Can you be arrested for DUI after the fact?

If you murder someone or rob someone, you can be arrested for it days or weeks later.

Suppose there was proof (no pun intended) of a person driving drunk, with no negative consequence, can the driver be arrested the day, or a week, or even longer after the incident?

I think the standard of evidence is pretty light (particularly for the lesser DWI, rather than DUI), so yes its quite easy to “prove”, by the standards of the law, that some was infact impaired enough to warrant a DWI conviction.

Why would someone be immune from prosecution after the fact? It is a law they are not allowed to drive drunk. If it can be proven they were drunk while driving they can be charged, I would assume. The statute of limitations would likely vary.

Technically, yes, but since it is a misdemeanor, there will be no investigative committee showing up at your front door. Of course, if someone is dead or injured because of your drunk driving, then that changes things.

But, I assume you mean regular old DUI, got home, nobody hurt, nobody the wiser. Again, you could, but who is pressing charges, and what evidence do they have? And how could you argue that they are mistaken?

So then the prosecutor would look at your ex-girlfriend and tell her to get lost because her relationship problems are not a matter for the criminal justice system…

There are two basic elements to a DUI/DWI charge.
The first is operation. It must be proved that the suspect was in operation of the vehicle.
The second is impairment due to drug or alcohol. This is proved two ways. One is “per se”. If you have a blood alcohol content of .08% or higher you are considered impaired regardless of your actions. The second is through observation, falling down, pissing on yourself etc. It is usually prefered to go with the per se argument in court since it easier to prove. Judges like numbers.

It is nearly impossible to prove both impairment and operation after the fact.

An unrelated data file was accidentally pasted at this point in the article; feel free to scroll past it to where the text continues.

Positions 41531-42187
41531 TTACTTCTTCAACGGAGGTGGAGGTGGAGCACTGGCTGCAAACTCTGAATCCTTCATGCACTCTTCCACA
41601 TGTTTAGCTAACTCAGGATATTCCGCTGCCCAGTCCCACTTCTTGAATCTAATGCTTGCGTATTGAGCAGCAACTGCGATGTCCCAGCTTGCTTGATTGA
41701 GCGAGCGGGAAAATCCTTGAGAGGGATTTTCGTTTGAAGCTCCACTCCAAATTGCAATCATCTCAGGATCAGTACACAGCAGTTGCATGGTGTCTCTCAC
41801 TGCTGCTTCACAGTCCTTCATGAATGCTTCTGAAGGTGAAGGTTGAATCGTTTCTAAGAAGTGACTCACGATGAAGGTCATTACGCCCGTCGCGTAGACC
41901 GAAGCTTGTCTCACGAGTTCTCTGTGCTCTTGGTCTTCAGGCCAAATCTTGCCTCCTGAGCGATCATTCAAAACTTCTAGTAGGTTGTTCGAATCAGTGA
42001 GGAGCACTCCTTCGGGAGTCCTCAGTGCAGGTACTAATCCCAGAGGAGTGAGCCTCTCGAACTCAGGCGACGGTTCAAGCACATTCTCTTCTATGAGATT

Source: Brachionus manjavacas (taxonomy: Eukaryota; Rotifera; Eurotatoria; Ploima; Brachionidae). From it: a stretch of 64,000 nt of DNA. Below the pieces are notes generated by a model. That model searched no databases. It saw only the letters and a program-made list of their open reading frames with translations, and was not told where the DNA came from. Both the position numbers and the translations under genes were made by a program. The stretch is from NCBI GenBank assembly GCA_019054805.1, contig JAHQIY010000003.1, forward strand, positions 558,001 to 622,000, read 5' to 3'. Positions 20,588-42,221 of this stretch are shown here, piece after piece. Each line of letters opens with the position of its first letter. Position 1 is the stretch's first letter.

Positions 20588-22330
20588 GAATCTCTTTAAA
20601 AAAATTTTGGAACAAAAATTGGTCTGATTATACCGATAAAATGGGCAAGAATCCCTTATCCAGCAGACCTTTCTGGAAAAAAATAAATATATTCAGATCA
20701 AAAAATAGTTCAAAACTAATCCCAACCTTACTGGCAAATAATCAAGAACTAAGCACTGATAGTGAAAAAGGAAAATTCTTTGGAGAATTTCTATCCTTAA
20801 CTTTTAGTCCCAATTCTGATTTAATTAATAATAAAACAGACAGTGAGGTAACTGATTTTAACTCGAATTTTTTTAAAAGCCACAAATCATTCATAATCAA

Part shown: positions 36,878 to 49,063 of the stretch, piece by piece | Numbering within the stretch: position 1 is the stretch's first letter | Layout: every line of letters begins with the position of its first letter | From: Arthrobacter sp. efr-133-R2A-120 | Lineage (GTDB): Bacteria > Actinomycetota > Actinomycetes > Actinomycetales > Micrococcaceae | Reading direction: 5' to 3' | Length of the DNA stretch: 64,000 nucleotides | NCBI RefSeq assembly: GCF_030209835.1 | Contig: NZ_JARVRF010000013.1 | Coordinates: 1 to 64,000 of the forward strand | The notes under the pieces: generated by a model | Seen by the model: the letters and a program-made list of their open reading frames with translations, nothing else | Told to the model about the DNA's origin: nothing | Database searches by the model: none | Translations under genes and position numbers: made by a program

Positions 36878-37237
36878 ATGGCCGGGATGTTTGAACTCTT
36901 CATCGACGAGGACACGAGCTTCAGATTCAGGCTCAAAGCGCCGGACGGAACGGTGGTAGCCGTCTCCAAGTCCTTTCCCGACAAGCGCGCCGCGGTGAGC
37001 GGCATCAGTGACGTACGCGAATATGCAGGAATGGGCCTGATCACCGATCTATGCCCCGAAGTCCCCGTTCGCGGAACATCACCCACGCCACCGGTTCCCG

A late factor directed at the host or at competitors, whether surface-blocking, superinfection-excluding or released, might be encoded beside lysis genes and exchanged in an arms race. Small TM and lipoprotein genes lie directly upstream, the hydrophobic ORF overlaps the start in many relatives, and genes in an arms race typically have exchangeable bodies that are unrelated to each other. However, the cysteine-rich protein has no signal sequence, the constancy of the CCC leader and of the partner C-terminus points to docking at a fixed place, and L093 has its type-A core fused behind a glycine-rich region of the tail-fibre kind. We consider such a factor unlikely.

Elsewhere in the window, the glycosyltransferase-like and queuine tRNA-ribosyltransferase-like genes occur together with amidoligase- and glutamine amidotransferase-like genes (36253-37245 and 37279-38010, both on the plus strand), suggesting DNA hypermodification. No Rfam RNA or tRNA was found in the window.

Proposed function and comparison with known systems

I thought that it was fairly common in cases where someone has fled the scene, but witnesses noticed he seemed impaired.

How can “seemed impaired” even come close to the burden of proof? Believe me it is hard enough to prove impairment without a BAC reading even with a police officer’s testimony and a video tape of the drunk. Any halfassed lawyer can argue that the actions of the driver were due to some other factor. The law states that not only does he have to be impaired but the impairment has to be because of alcohol or drugs.

I can say with certainty that it is by no means common and it is almost impossible to prove.

As always I have to state that I am most familiar with the laws in New Jersey. Most states are similar but there are differences.

The version I had heard (albeit a largely uninformed opinion) was that in alot of states, while DUI does required a large burden of proof (usually including BAC reading), DWI just requires a testimony (usually by a policeman, but in some cases members of public) that the subject appeared to be impaired.

Maybe so. In New Jersey DUI and DWI are interchangable and both refer to one statute, 39:4-50. There is no separate statute.

If there’s a scene to be fled – ie, the person caused an accident – and if it was serious, the investigation would probably also look into where else the person was that day. So, while witnesses to the accident saying the driver seemed impaired would help, it’d probably be the bartender at Happy Hours R’ Us saying he’d served the guy four bottles of Stella in an hour that’d make that case.